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HaMoked petitions the HCJ to repeal the law that allows the Minister of Interior to revoke permanent residency status for “breach of allegiance to the State of Israel” and to cancel its implementation regarding two East Jerusalem men

On September 15, 2019, HaMoked petitioned the High Court of Justice (HCJ) to demand the repeal of the March 2018 amendment to the Entry into Israel Law, which authorizes the Minister of Interior to revoke permanent residency status for “breach of allegiance to the State of Israel”, as well as the Minister’s decisions of August 2019, to apply this law and revoke the permanent residency of two men from East Jerusalem.

The two petitions were filed after the Minister of Interior rejected HaMoked’s written arguments against the intention to revoke the status of the two men, each of whom is serving a life sentence for involvement in the planning and implementation of a fatal attack against Israelis, one in Haifa in 2003, and the other in Jerusalem in 2011. These petitions join two previous petitions filed by HaMoked which are still pending in the HCJ, concerning the revocation of the permanent residency status of two other young men from East Jerusalem following their participation in attacks against Israelis.

HaMoked now reiterated in its petitions to the HCJ that the Amendment, expressly crafted to impose sanctions on the population of East Jerusalem, is immoral and contrary to international humanitarian law, which prohibits imposing a duty of allegiance on protected persons living in occupied territories. HaMoked argued further that this was an unconstitutional law that failed to comply with the limitations clause set in the Israeli Basic Law: Human Dignity and Liberty, given that it did not match the values of the state and had no legitimate purpose.

Regarding the decision to apply the Amendment in these two specific cases, HaMoked argued, among other things, that this is an illegitimate decision which applies legislation retroactively; the Amendment was enacted years after the events cited as the reason for the revocation of the two men’s residency. HaMoked further argued that the Law was excessively and disproportionately harmful, given that the men were serving prison sentences imposed on them according to criminal law and there was no call to impose on them yet another punishment in the framework of an administrative proceeding. HaMoked elaborated on its argument that the decision was substantively invalid, unreasonable and fundamentally tainted by alien considerations, this given the Minister’s conduct in the matter – including swift and even advance publication in social media and in the press about steps taken in these cases. This conduct, HaMoked asserted, clearly suggested that the reason behind the move was not any “breach of allegiance” but an attempt at appeasing certain publics, and especially the victims’ families. HaMoked clarified that victims of crime have legal standing in the criminal process, but not in an administrative proceeding; in the latter, taking their position into account clearly constitutes an alien consideration. HaMoked also argued that the Minister’s conduct on the procedural level was fundamentally flawed, including the fact that were it not for HaMoked’s demand in the framework of its written arguments, the petitioners would not have been given the opportunity to plead their case in an oral hearing.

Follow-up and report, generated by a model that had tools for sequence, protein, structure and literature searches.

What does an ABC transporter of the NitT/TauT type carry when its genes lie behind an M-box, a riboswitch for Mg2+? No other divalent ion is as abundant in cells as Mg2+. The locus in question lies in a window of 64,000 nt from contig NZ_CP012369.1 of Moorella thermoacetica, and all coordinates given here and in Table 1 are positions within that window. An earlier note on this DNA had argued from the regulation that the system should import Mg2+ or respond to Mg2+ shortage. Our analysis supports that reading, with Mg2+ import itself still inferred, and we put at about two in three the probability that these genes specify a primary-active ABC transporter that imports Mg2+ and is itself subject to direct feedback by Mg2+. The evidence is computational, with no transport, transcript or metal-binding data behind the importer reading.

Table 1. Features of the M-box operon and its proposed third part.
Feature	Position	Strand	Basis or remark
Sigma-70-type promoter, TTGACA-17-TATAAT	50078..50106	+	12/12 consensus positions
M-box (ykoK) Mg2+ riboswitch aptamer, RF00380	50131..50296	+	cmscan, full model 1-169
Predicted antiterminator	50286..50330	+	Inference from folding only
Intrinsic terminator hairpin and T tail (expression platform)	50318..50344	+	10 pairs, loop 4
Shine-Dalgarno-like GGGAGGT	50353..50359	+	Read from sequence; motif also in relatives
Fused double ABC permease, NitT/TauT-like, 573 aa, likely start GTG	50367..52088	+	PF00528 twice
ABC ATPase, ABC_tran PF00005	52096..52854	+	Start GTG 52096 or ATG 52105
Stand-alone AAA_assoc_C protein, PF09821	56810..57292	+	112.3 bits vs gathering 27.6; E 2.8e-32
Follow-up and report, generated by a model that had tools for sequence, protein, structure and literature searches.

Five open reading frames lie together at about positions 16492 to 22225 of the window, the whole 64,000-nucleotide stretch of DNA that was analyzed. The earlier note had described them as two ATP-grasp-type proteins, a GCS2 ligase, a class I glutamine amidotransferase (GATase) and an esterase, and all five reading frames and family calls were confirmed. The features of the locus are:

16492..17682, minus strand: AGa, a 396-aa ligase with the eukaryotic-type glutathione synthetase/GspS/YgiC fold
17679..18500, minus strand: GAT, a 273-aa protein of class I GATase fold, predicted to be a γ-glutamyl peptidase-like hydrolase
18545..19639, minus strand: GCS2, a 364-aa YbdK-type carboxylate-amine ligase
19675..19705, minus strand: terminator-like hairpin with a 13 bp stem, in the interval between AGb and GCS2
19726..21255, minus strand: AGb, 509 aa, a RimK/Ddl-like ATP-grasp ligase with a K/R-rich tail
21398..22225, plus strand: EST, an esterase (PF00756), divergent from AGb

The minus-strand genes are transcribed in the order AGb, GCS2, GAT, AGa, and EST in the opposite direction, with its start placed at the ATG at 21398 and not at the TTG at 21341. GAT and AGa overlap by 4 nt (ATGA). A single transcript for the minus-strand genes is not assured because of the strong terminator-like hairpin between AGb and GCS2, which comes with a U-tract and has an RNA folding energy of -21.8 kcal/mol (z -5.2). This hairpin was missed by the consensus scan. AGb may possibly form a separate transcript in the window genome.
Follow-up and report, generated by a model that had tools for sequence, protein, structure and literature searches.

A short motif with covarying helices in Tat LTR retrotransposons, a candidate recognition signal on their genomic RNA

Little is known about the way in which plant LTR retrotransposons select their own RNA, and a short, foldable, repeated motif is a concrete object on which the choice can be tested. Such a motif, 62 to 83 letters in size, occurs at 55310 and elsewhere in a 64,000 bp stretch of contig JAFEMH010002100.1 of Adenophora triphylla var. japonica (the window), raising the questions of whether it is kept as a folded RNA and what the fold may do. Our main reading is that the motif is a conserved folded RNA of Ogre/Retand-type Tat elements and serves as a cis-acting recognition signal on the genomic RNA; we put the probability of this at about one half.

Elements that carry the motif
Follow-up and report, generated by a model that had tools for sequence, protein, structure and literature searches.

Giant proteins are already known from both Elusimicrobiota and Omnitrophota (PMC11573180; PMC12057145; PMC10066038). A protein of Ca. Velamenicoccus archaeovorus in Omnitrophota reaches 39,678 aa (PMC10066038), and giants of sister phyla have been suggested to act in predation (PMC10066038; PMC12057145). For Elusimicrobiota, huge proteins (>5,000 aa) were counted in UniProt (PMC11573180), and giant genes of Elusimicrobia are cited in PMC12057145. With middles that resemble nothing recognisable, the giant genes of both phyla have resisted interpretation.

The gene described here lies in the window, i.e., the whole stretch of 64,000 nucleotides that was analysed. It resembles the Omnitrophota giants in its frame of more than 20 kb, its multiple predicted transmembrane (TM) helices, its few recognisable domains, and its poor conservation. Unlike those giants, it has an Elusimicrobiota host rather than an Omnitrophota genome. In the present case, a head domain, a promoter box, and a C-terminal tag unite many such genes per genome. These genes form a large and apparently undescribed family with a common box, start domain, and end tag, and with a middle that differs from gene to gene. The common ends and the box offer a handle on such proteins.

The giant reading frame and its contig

HaMoked clarified that the two Jerusalemites have no other status anywhere in the world. Furthermore, they hold Israeli permanent residency status by virtue of their belonging to the indigenous population of East Jerusalem. Israel gave this status to East Jerusalemites following the annexation, knowing these were enemy subjects, and therefore allegiance to the state was not required. HaMoked concluded by stating that the Minister of Interior is obligated by law to give the petitioners temporary status to replace the permanent status they were stripped of, because a person may not be left stateless. Temporary status holders are entitled to the same social security benefits and other rights, including freedom of movement, as permanent residents. This fact alone is a clear indication that the revocations serve no real purpose. (02) 627 1698   (02) 627 6317

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